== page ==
Thursday, November 27, 2014

Purity Thursday: The Light That Shines From Lust's Dark Idolatry

Had I been thinking ahead, I would have saved last Thursday's purity post for today, Thanksgiving Day. At least it's worth pointing out again today that cultivating thanksgiving year round is a powerful antidote to lust and impurity. 

Observing folly and destruction can be a strong motivator on the road of life. Seeing a bad car accident can sober and slow you down, or move you to quit that occasional texting. The same goes for lust's effects. We can learn a lesson from the dark idolatry of adulterous lust. It can even shed light on the path of following Jesus. 

Think about the blindness of lust when it gets to the point where adultery is first contemplated and then finally acted upon. The person who comes to this point is willing to sacrifice all for the sake of their desire. 

Those of us who look on from the outside can’t understand it. We see how cheap the thrill is and how costly the fall-out: potential loss of marriage, kinetic loss of reputation and respect and trust, the damage done to the kids, the inner turmoil experienced by all involved, etc, etc. We ask, “Why would he do this and sacrifice so much?” We wonder, “How do you get to that point?”

The (increasing) blindness of lust and the sacrifices it often stimulates are proof positive of its idolatry. Lust is idolatry. It places the gratification of the flesh at the center. It says “no” to all that God is for us in Jesus. It says “yes” to all that sin is for us in the form of a man or a woman. When it grows to the point of acting it out in real life, the “no’s” and ‘yes’s” are radical and sacrificial.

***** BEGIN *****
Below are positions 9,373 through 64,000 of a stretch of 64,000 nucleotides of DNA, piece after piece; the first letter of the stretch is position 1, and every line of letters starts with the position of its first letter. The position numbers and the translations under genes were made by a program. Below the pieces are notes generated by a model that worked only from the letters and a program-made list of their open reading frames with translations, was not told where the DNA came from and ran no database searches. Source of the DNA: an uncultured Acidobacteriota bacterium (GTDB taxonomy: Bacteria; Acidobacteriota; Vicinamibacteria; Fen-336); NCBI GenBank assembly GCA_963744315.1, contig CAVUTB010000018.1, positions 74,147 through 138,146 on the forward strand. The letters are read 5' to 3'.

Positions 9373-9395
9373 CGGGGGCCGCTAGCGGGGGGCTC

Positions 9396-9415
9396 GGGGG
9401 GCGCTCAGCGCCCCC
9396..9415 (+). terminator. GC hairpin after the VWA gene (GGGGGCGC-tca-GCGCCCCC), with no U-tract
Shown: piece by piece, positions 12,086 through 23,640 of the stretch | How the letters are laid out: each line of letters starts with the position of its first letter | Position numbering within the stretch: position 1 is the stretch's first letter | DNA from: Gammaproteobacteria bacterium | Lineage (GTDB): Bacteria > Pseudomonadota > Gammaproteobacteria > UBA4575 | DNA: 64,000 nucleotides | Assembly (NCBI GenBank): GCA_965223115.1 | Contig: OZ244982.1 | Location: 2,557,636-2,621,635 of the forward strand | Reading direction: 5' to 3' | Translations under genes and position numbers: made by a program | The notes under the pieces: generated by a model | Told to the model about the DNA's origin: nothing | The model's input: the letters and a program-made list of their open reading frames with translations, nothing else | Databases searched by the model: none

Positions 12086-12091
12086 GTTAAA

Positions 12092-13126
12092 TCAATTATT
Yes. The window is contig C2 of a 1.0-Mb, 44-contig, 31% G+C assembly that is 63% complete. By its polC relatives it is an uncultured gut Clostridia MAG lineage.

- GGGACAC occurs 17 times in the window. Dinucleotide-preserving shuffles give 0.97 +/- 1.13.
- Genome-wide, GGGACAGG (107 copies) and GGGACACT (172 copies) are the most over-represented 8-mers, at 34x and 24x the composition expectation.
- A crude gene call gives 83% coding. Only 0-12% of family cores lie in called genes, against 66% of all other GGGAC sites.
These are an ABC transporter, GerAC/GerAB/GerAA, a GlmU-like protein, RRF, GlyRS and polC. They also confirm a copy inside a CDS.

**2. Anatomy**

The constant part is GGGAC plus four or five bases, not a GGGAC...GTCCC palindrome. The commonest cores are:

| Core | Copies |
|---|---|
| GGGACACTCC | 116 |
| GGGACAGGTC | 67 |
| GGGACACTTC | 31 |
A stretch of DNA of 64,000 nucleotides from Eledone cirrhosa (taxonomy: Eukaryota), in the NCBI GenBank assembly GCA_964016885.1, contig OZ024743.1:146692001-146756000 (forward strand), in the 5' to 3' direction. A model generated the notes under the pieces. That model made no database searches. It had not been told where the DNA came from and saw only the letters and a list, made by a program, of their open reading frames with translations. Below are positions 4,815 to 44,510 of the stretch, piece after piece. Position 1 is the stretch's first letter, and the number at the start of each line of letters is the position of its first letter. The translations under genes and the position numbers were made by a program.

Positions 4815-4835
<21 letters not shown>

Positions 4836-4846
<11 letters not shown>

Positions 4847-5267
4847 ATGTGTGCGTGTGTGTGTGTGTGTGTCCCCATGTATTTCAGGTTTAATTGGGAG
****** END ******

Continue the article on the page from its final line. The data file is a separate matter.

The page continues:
This is the nature of sin. It calls for costly sacrifice, but gives us nothing more than fleeting pleasure, shame, regret, and loss.

Following Jesus out of love is the true archetype to which lust is only a deceitful anti-type. The gain promised in Christ (see Mark 8:34-38) ought to elicit a response of love-blind sacrifice that will often look like foolishness to those on the “outside.” 

Running the race of faith set before you, with all the attending sacrifices, is proof positive of the surpassing value of knowing Jesus. He is Lord. He is the worthy center of life’s solar system. And when he is functionally first in our affections, the effects are radical and sacrificial.

This is the glory of God. He calls for costly sacrifice, but gives us freedom and peace and joy, and an eternal weight of glory that far outweighs the cost of the sacrifice.  

Learn from the dark caricature of lust. Let is serve to turn your stomach…and then your eyes “upon Jesus, [to] look full in his wonderful face, and the things of earth will grow strangely dim, in the light of this glory and grace.”

Philippians 3:7 But whatever gain I had, I counted as loss for the sake of Christ. 8 Indeed, I count everything as loss because of the surpassing worth of knowing Christ Jesus my Lord. For his sake I have suffered the loss of all things and count them as rubbish, in order that I may gain Christ.

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